Pointer tracking

Pointer tracking is an integral part of user interfaces.

Drag & drop, scrolling galleries, and measuring touch scroll speed are some obvious use cases.

In this quick tutorial, we’ll first see how to convert DOM events into streams of values with the listen action.

Then, we’ll look at how to track mouse and touch movement with the pointer action and then use that pointer’s movement to drag a DOM element.

The listen action

Popmotion provides the listen action to add event listeners to the DOM.

import { listen } from 'popmotion';

It accepts event names as a space-delimited string, meaning you can use a single listen call to listen to multiple events:

listen(document, 'mousedown touchstart')
  .start((e) => console.log(e));

Just like the good-old days of jQuery!

As listen is an action, it offers all the same chainable methods.

For example, here’s how you could make a touchmove listener that only fires when there’s more than two touches:

listen(document, 'touchmove')
  .filter(({ touches }) => touches.length >= 2)
  .start((e) => /* This event has more than 2 touches! */);

The pointer action

The pointer action provides a generic interface for interacting with single point mouse and touch inputs (for multitouch, Popmotion offers the multitouch action).

import { pointer } from 'popmotion';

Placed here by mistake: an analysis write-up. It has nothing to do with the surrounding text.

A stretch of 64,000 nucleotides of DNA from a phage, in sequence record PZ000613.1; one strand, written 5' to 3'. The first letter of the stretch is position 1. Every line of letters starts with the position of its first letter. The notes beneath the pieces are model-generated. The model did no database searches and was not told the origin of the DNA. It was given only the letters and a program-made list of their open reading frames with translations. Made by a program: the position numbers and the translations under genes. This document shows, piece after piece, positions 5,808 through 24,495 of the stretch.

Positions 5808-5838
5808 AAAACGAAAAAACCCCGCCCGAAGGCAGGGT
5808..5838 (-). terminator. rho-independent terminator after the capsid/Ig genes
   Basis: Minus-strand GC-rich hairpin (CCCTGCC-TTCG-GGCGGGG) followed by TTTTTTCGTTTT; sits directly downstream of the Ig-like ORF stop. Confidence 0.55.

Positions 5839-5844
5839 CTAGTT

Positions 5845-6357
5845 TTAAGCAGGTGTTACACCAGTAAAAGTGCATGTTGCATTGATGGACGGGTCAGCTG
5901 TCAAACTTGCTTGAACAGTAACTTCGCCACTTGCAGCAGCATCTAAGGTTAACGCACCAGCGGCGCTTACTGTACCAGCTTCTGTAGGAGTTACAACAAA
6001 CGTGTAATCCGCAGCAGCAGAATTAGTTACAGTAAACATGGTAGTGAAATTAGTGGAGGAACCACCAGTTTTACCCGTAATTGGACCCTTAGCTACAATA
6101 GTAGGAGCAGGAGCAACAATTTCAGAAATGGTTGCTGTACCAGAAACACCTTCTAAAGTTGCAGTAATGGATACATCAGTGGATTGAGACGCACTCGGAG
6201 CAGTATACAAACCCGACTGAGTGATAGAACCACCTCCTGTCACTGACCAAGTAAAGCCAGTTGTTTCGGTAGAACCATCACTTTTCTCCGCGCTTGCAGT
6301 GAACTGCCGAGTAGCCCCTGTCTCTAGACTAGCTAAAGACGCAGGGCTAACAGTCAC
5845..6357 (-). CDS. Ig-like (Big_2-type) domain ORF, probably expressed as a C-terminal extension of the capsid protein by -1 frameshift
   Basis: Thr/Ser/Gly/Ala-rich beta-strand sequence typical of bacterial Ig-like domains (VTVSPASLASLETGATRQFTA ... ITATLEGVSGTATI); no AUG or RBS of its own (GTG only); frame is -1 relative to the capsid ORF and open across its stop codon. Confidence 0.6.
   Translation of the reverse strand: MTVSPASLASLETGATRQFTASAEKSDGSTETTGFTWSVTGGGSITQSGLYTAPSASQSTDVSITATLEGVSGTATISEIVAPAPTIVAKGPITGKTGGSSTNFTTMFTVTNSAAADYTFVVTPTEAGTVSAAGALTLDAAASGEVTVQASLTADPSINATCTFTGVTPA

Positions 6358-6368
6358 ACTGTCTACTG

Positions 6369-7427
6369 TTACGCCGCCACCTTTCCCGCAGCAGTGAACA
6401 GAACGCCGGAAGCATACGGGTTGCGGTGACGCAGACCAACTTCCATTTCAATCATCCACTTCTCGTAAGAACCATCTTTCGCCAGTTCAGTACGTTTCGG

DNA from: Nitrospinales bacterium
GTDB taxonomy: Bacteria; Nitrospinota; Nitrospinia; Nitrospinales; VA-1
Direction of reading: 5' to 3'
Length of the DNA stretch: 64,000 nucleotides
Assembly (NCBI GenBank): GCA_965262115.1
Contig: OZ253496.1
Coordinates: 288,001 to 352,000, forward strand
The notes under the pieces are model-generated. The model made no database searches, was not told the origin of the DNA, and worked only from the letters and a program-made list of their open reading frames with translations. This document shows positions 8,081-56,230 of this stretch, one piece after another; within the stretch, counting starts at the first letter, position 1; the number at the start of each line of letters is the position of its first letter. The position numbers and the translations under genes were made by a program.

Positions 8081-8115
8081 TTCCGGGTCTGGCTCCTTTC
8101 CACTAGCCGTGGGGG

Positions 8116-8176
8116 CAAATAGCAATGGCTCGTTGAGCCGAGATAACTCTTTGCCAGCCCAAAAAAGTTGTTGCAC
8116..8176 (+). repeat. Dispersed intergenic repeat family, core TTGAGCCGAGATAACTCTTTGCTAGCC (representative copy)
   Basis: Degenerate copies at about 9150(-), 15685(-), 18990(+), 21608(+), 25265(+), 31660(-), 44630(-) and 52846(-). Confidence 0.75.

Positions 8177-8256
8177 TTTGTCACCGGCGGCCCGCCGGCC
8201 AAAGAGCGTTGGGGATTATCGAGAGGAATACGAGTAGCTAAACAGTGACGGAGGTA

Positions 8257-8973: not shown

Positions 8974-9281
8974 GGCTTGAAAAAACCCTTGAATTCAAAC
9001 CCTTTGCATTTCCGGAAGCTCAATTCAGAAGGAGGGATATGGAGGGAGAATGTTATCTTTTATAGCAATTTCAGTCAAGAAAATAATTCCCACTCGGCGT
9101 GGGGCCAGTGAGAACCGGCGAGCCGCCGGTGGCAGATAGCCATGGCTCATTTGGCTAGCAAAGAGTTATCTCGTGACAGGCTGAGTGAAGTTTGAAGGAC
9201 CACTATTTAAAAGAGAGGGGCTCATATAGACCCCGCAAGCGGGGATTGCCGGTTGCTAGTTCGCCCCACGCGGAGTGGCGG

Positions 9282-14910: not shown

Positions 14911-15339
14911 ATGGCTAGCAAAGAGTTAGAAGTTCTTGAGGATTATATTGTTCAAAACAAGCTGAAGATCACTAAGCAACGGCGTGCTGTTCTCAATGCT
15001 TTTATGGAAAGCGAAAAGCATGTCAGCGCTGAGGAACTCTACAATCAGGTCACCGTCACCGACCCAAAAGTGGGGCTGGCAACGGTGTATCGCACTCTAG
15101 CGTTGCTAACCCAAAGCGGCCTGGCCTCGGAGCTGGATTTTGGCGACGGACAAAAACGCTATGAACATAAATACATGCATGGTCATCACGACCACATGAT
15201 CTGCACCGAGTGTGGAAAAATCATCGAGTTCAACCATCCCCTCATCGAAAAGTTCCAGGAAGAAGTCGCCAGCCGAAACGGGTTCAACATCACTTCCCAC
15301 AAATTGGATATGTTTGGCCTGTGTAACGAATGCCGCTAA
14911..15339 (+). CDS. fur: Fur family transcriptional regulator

By default, pointer outputs the pointer’s clientX and clientY properties as x and y.

let pointerTracker;

listen(document, 'mousedown touchstart').start(() => {
  pointerTracker = pointer()
    .start(({ x, y }) => console.log(x, y));

listen(document, 'mouseup touchend').start(() => {
  if (pointerTracker) pointerTracker.stop();


The majority of time we actually want to use this movement data to drag or scroll.

Let’s use the styler function again to create a DOM element interface to provide the positional data to.

Look at startTracking function and try to drag the ball:

Oh dear. The ball moves, but it jumps to a weird location (maybe one that’s off-screen entirely!)

The reason for this is simple. pointer is outputting the { x, y } position of the pointer relative to the viewport.

The ball’s { x, y } transform begins at 0, 0. So if we apply the pointer’s absolute position directly to the ball, it won’t move where we want it to.

Instead, we want to apply the movement of the pointer to the ball’s initial position.

To do this, we can provide pointer with an initial { x, y } point, and it will output the movement of its { x, y } relative to that point:

pointer({ x: 0, y: 0 })

Dragging becomes trivial:

Single-axis dragging

Limiting dragging to a single axis is a matter of using just the x or y output from pointer.

We could do this via the reaction:

pointer().start(({ x }) => ballStyler.set('x', x));

But the more reusable way is to compose a new action using pointer‘s pipe method. We can provide it a simple picker function that selects x from pointer‘s output and returns it:

const xPointer = (initialX) => pointer({ x: initialX })
  .pipe(({ x }) => x);

Now we can use our newly composed xPointer like so:



listen can convert DOM events into reactive streams of values. Useful for leveraging pipe and other chainable methods, and composing listen with other actions.

pointer can output values either absolutely, or, if we provide initial coordinates, by applying its delta relatively.

Finally, we can compose new actions to produce reusable bits of code with new behaviour, like single-axis dragging.


Now that we’ve got dragging working, in the next tutorial we will learn how to inspect the velocity of the dragged object and apply that to decay, physics and spring actions to create natural-feeling interactions.